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HELEN KELLER - TYPED LETTER SIGNED 03/24/1947 - HFSID 285187

HELEN KELLER Signed Typed Letter to Katharine Cornell (1947), full of lavish praise for the stage actress Typed Letter signed: "Helen Keller", 3 pages, 7¼x10½. Harvard House, Westport, Connecticut, 1947 March 25. To "Dear Katharine" [Cornell].

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HELEN KELLER

Signed Typed Letter to Katharine Cornell (1947), full of lavish praise for the stage actress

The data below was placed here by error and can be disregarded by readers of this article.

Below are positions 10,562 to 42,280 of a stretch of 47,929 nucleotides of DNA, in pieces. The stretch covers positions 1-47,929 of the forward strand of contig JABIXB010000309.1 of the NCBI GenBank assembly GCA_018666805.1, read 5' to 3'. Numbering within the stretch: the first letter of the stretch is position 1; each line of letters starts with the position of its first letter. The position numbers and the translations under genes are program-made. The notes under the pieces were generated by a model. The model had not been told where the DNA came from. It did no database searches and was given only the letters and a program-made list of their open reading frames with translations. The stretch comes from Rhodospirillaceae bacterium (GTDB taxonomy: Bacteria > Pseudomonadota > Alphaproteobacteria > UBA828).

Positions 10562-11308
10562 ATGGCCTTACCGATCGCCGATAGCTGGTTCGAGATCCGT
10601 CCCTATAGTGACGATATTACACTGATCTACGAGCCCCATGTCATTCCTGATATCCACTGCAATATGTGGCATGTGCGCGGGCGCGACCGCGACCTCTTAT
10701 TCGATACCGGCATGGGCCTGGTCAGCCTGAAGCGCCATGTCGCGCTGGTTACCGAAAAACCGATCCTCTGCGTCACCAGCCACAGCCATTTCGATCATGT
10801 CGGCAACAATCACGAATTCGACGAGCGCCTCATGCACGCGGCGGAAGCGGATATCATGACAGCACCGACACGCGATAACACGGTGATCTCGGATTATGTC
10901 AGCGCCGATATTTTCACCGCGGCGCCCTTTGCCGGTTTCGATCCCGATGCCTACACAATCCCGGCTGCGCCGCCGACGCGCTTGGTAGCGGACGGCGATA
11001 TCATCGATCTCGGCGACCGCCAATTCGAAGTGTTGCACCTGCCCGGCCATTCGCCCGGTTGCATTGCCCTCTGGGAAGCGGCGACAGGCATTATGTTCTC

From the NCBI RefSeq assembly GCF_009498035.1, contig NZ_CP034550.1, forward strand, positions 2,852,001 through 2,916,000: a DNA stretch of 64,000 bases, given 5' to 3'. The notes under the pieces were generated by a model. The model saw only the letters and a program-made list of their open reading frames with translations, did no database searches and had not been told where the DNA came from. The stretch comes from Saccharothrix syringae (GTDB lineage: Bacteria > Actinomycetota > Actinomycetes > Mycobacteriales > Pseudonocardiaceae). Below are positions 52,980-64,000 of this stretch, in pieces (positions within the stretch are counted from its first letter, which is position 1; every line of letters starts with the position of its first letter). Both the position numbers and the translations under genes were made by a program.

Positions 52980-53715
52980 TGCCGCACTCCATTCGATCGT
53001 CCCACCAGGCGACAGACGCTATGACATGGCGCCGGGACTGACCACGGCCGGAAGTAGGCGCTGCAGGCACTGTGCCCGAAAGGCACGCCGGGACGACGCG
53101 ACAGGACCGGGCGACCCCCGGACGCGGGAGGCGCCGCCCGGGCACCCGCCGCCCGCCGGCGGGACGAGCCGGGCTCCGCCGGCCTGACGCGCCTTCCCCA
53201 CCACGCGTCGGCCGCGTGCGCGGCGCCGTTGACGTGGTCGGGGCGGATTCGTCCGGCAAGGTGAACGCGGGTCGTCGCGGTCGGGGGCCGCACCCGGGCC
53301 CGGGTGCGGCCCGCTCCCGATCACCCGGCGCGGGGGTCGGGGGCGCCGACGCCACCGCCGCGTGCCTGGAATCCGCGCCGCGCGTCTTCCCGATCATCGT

Typed Letter signed: "Helen Keller", 3 pages, 7¼x10½. Harvard House, Westport, Connecticut, 1947 March 25. To "Dear Katharine" [Cornell]. In full:  "This is just to embrace you by post, and to say how adorably good you always are to us both. The glow of Polly's and my several visits with you since Christmas-time has warmed us through a tiresomely cold winter. Gratefully I remember meeting you on the train years ago and how our hearts flew open to you. Of course we had known of your ennobling work in the drama as a way to foster idealism in the people, and we had admired you with an almost reverential affection, and O, what a happiness it was when your sweet human love encircled us! That made you a real person, and while it does not dim to us your achievements, it is as dearest Katharine that we feel most close to you. Yet it is because you are such a beautiful inspirer of your fellowmen that you are so precious, and your loving interest in our endeavors and responsibilities for others has steadied our morale in many situations. At last the tea to launch the campaign for the blind of Europe has been arranged at the Cosmopolitan Club, April 17th, and Mr. Myron C. Taylor will introduce me. How sorry Polly and I will be not to have you with us then! It was a delightful hour we had with you and Miss Wylie at the Gripsholm. You did spoil us shamelessly with those marvelous delicacies! But we enjoyed still more hearing about Miss Wylie's projected work in Switzerland for little war orphans and your adventures in coast-to-coast tours. It is poetic justice on the spot that you are to appear in 'Anthony and Cleopatra.' For you will impart, I know, a rich human interpretation to a play which is too easily rendered pompous by the dazzle of Roman grandeur and Egyptian ceremony. Eagerly we shall await your triumph in the premiere performance and our own chance to see you in the play. We are planning to go to Chicago in June, as our new home will not be ready at that time, and if things are good to us, we shall see you. Meanwhile you have our goodbye and loving thoughts on the way. Devotedly your friend."  Inspirational lecturer and author Helen Keller (1880-1968) had entered her dark, silent world as a result of illness while still a toddler. When she was about six years old, her parents sought help from Alexander Graham Bell, who had demonstrated his father's Visible Speech system at the Boston School for Deaf Mutes in 1871. Bell was instrumental in having instructor Anne Mansfield Sullivan (1866-1936) sent to teach Helen how to read, write and speak. With Sullivan's help, Helen learned the manual alphabet and graduated cum laude from Radcliffe in 1904. Devoting the rest of her life to the blind and deaf, Keller lectured and campaigned for improved services for the handicapped. In 1932, she and Sullivan helped make English Braille the standard. Keller, who wrote several books, including the inspirational The Story of My Life (1903), was awarded membership in the National Institute of Arts and Letters. Keller's life was later the basis for William Gibson's Tony Award-winning Broadway play (1959-1961) and the Academy Award-winning feature film (1962), The Miracle Worker. Mary Agnes "Polly" Thompson was Keller's secretary (from 1914) and nurse and companion from 1922 until her death in 1960. Thompson accompanied Keller on both her goodwill trips and vacations. Cornell was an acclaimed stage actress who refused on principle to appear in films, the only exception being her narration of The Unconquered (1954), a documentary about Keller's life. Cornell's performance in Shakespeare's Antony and Cleopatra (1947-1948), was - as Keller predicted here - a great success, running for 251 performances and gaining Cornell a Tony nomination. 2 horizontal fold creases. Fine condition. 

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